Liz Opp said...

Thanks for these words, Kody. I found this post to be much harder to write when I actually sat down to write it! And if it can help to stir the pot ever so gently, so items which have settled for too long are reintroduced to the mix, then I suppose that might be useful to someone somewhere down the line...

For the sake of being transparent, I'll mention that I didn't even have the "FUM affiliation issue" in mind when wrote this, but I can see how it might resonate with Friends who are holding that sticky wicket in the Light...


Peterson Toscano said...

And the greatest of these is Liz, um Love. :-)
Really you have a great soul and I appreciate how thoughtfully you focus on the essential matters. There is a divide and it requires work to address it, both internally and corporately, but HOW we go about the work will directly affect the outcome.

Anonymous said...

Dear Liz,
Here in the west of Oz we get to feel pretty isolated. I am finding your blogs (including links) extremely valuable, but really struggle to read white text on navy. I don't know if you have an e-mail list, but I would love to recieve your blogs by e-mail - is an online address (just incase there are any Quaker spammers out there).
Thank you for the time, energy, faith and love you put into this ministry.

James Riemermann said...


You may want to look into news feed reader software, which you can point to the following feed address for Liz's blog:

Lorcan said...

Hi Liz, this is very a very important post. I've heard fFriend speak of the value of returning to the schism, speaking of other members with open hatred, and as I try and get folks to seek simplicity, love is in fact the common thread. It is that which underlies being present to God in each other, love is the how, where presence to God is the why... I am afraid that our RSOF has been greatly shaken by these divisive times in which we live. I am rather sure that when one looks at the times of healing and split in our faith, it is not a random pattern. We seem to split when the nation is also divided. In the times of the original Hicksite\Orthodox split, the nation was so split by slavery, that many writers of the day saw civil war or slave uprising as an unavoidable conclusion, and this is also often seen as the first period of American fundamentalism ... before the pre World War One second period of American fundamentalism, and the times in which we live, some writers refer to as the third period of American fundamentalism. I am not concentrating on fundamentalism, myself as the problem, for there is the opposite, often unrecognized side of the dynamic, which is the anti- fundamental fundamental movement - mirror opposite responses to Christian fundamentalism, which has its own set of fundamentals. Though, I firmly endorse Friends examining their faith, the roots of that faith, I don't think the answer is to create an orthodoxy around any of the understandings which come out of that endeavor. None of us can claim to own the past of Quakerism, we live in the here and now of the Quaker faith, it is a river flowing forward, not a Merry-go-round!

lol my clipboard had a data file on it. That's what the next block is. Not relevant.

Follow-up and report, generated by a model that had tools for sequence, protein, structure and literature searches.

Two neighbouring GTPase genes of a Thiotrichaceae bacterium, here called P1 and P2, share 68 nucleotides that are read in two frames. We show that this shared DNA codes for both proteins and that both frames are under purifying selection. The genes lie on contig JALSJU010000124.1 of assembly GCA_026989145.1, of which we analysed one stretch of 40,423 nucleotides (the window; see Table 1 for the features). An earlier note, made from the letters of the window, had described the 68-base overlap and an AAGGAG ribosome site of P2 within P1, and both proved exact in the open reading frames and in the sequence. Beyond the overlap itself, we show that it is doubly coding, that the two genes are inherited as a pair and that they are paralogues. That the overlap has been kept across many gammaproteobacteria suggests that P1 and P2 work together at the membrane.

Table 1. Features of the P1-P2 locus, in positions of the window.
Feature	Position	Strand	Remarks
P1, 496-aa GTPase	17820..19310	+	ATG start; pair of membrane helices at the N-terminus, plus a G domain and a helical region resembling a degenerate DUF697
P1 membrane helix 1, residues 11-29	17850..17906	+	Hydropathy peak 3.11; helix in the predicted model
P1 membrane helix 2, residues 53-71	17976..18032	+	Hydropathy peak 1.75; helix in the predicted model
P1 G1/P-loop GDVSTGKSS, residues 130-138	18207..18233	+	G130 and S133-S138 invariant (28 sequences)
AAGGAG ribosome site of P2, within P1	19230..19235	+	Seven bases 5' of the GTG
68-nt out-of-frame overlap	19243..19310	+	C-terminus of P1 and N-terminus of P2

But, love has a method which the bibles and Hicks often return to, it takes courage to love. Fear is the wall which keeps Friends from loving. We need to be able to support each other in finding the courage to love, and that is often a little difficult here. Friends often seem to be anti confrontational today. Loving confrontation is a major part of respecting each other, and love without respect is not love it is simply condescending.
Well, love, is a very simple direct answer ... getting there, I am afraid takes work, simplicity is sometimes a bit complicated to arrive at.
Thine dearly in the light, lor

Anonymous said...

Dear Liz,
Love has been the answer for me in so many ways. The extension of Love is forgiveness which I find more easily achieved from a loving foundation. It's such a joy to learn from your journey. Thank you.
Papa Nils

Liz Opp said...

Peterson - do not confuse the messenger with the message! smile Thanks for the comment.

David, west of Oz - For some reason, my initial comment regarding your concern never made it to this comment page: Hopefully by lightening the background, the blog will be easier on the eyes. I had gotten feedback earlier that reading white text on a dark background is actually easier on the eyes than reading black text on white background... but the contrast between text and background is what counts: not too drastic, but not too "close" to each other either.

James - Thanks for the "feed reader" suggestion. It takes a village to maintain a blog!

Lorcan - Thanks for your continued dialogue and comments. You write, in part, "None of us can claim to own the past of Quakerism, we live in the here and now of the Quaker faith, it is a river flowing forward, not a Merry-go-round!"

While we can't "own the past," I believe we can reclaim some of the traditions that have (nearly) fallen away. And if I read you right, you and I share the concern that in this renewal of Quakerism, we contemporary Friends must be careful not become rigid in our faith... which is different from being loving while also affirming the nature and form of our Quaker faith and practice.

Nils - Yes, I had thought of you and your ministry of Love while I was writing this. But of course it is easier to be loving to one whom you love and who loves you back, than it is to be loving towards someone who sees the world through a completely different lens. And it is easier to extend love and forgiveness during times of peace than during times of tremendous stress. All that said, thank you for your constant model of tenderness and care for so many people...


Lorcan -

Anonymous said...

Hello, dear Liz!

As the opening words of your posting indicate, you are looking at the situation from the perspective of "liberal Friends", who are trying (in my words now) to have their cake and eat it too.